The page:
What’s the best advice you’ve ever received?
Or I guess, more to the point, what’s the best advice you can recall?
For me, there’s a few: there’s the guy I went to college with that once told me to “never settle”. To this day, it applies to so much in my life. Always aim and reach for a goal and never be satisfied for anything less.
There’s also the story, which I can’t remember how I ever got exposed to, where the ancient king asks for all the knowledge in the known world and continues to ask for it to be smaller and boiled down until it results in “this too shall pass”. A valuable lesson as well and one that has been a guiding light at times. Something to anchor some hope to.
But oddly enough, when I think about advice, it always comes back to a plumber.
When I was in college, in first year, I stayed in the basement of a house owned by a woman named Doreen. I never really saw eye-to-eye with her, but I can distinctively remember one day when there was a plumber in the house to fix some problem and instead of being at school and earning an education, I was hanging around the basement. So a conversation struck up.
In the conversation, two key pieces of information were passed to me. This was almost 10 years ago, but they stick with me to this day.
This first was this: Halifax always supports a winner. Which makes sense, given my experiences with sports over the last decade. The city, as a whole, seems to be tied to the idea of ‘being on a map’, attracted to success. This is why the Mooseheads make money and university hockey doesn’t, one of them is a pipeline to future big league domination, and the other is essentially what happens to those who don’t end up being sucked down that pipeline. This is also why the Rainmen aren’t particularly successful, but the arena will fill when it’s university basketball or a Raptors training camp. It’s a shame, but it rings so so true. The city loves a winner and is full of fair-weather fans. Halifax has arguably the best CHL team in the country this year and no surprise, the arena is packed and jumping each night.
The second piece of knowledge is a bit more personal. To understand it, I need to share a bit about where I was when I had this conversation. As I mentioned, this was first year of college and it was shortly after I interviewed George Davis, a Mooseheads player who was drafted by the Ducks. It was the first interview I ever did and it was the first time I really considered journalism as any sort of serious possibility. At the time, I wasn’t necessarily satisfied with my college program in computer programming, but I hardly had any idea what to do with my life as an idiot 18-year-old.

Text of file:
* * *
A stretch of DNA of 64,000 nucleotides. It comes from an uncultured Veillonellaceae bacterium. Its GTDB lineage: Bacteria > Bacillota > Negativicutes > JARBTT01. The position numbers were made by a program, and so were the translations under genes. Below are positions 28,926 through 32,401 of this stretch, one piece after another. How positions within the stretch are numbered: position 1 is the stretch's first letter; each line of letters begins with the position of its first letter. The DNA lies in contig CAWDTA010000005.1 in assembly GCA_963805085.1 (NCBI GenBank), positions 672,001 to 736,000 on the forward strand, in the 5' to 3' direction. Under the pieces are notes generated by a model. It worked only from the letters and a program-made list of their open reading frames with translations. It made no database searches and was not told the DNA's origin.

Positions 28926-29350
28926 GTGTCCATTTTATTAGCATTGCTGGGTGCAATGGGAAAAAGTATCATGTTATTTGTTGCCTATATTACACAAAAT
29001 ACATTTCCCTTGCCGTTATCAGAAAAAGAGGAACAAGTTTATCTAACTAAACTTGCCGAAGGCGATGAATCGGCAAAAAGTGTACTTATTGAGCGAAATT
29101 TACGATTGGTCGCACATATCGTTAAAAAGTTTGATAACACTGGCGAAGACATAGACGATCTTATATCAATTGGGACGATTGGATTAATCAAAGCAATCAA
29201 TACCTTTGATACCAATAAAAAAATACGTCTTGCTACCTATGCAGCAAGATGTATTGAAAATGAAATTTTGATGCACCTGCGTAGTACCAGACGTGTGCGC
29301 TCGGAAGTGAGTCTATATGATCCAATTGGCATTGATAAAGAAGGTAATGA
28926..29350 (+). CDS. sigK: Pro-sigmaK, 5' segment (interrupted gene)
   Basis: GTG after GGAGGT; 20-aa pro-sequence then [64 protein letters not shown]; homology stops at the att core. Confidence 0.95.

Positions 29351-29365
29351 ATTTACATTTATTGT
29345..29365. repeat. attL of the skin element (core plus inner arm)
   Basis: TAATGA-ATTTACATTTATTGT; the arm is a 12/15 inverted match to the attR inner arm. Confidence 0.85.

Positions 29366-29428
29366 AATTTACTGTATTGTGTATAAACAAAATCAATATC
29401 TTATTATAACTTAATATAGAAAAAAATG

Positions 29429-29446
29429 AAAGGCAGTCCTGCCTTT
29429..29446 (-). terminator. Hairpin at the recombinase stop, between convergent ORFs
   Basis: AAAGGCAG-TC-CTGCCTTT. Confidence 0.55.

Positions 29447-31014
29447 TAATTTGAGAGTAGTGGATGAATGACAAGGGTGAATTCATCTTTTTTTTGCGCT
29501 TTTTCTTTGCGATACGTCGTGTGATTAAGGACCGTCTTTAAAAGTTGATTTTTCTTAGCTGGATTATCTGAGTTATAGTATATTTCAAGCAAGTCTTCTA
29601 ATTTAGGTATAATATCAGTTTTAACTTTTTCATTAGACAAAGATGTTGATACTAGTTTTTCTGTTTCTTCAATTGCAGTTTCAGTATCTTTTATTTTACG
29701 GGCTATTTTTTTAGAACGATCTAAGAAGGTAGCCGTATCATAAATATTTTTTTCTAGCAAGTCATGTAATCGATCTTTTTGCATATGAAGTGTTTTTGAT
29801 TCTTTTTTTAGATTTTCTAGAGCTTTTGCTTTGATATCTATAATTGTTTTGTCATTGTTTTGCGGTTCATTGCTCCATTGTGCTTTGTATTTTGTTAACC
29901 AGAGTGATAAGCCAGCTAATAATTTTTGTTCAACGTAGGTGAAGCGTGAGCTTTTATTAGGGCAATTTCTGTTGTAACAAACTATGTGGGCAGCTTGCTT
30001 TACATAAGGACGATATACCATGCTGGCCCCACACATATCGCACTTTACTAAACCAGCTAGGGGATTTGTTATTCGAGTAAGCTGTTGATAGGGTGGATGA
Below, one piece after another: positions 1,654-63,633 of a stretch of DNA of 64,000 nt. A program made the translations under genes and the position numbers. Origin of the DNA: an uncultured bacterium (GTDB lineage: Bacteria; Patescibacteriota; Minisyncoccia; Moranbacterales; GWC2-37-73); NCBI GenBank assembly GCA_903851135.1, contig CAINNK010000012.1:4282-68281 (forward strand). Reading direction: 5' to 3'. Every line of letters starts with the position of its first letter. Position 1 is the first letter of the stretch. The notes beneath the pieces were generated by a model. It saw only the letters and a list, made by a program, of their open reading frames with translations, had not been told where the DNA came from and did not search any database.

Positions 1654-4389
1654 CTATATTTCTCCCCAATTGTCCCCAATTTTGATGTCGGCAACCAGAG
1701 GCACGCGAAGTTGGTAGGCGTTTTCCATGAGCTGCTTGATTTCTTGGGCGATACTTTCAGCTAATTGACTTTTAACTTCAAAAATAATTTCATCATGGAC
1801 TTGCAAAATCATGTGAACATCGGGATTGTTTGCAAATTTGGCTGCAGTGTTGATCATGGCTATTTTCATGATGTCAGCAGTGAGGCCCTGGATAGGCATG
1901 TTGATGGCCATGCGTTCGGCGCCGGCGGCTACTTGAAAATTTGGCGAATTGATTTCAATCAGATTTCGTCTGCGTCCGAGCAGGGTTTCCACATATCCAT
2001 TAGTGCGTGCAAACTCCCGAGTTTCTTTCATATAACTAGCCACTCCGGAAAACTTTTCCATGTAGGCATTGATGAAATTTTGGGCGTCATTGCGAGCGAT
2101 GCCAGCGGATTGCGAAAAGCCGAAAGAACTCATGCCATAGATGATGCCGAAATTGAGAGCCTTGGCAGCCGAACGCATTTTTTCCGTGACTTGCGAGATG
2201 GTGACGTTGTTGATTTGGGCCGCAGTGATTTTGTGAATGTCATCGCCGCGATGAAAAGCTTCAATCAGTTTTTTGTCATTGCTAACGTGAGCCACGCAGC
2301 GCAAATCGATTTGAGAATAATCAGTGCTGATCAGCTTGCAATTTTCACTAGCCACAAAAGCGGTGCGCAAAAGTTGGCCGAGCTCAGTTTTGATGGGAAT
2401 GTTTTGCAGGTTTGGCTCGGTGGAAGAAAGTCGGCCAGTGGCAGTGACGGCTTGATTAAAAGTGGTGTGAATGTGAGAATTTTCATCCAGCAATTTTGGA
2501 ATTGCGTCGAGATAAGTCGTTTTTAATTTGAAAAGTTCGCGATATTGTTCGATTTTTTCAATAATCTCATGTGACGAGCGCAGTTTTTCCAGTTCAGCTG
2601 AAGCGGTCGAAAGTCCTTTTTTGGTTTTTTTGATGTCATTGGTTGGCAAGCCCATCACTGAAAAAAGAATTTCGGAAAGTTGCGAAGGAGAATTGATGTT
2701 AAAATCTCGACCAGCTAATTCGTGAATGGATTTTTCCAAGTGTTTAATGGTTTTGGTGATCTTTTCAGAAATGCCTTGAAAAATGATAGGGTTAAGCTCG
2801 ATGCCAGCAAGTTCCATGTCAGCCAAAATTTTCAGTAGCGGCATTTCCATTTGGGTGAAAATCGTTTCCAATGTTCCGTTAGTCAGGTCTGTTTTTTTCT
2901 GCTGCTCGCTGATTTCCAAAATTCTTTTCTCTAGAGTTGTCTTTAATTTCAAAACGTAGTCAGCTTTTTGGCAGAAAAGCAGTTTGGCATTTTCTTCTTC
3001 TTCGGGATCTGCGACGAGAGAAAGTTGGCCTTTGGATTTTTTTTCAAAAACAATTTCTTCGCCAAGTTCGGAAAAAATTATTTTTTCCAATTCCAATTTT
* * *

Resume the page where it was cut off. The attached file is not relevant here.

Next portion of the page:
So hanging out in the basement with a plumber, he threw me this nugget: “I figure, if you’ve got most of that stuff figured out by the time you’re thirty, you’re in pretty good shape.” He went on to explain the checklist, which is something that, I can admit, I’ve been chafing against a bit since then: the whole idea of getting a job you can live with, an idea on what you want to do with your life, maybe an idea on who you want to spend your life with, where you want to live, what kind of person you want to be.
I don’t really subscribe to the checklist idea, the thought that you get the job, get the girl, make her the wife, then the house, the picket fence and the family. Maybe, eventually I will, but for me, right now that’s not what I’m about. But that in itself is also a self-realization I didn’t have 10 years ago.
Which brings us to now. Now all of the sudden, I’m 28. I’m not a computer programmer, because I was right, that wasn’t for me. I’m also not a journalist, because that’s not a viable path either. But I feel like I’ve found some direction (this is the point where I gush about my job, I guess). And to me, that’ s a bit of a relief, because it harkens back to the plumber too. Here I am, two years away from a silly arbitrary deadline and yet, I think I know my path and as long as I keep running, as fast as I can, along that path, I feel that nothing can touch me, let along stop me. At the very least, I know what kind of person I want to be and perhaps even what I want to do with my life.
The past two months have been extremely busy and in many ways they’ve been the culminations of work that I’ve done over the past five years, if not the past decade. But it feels like it’s all worth it and it feels like as long as I keep sprinting, keep going down this path, everything else will start to untangle and figure itself out as well. It’s all at an unsustainable pace and I know that, but more importantly, I appreciate that it feels like it’s the correct path, which is some direction I think I’ve lacked for quite some time, and at the same time, it’s also the precise sort of direction that a plumber once told me about, when I was just a kid, sitting in a basement, not wanting to be a computer programmer.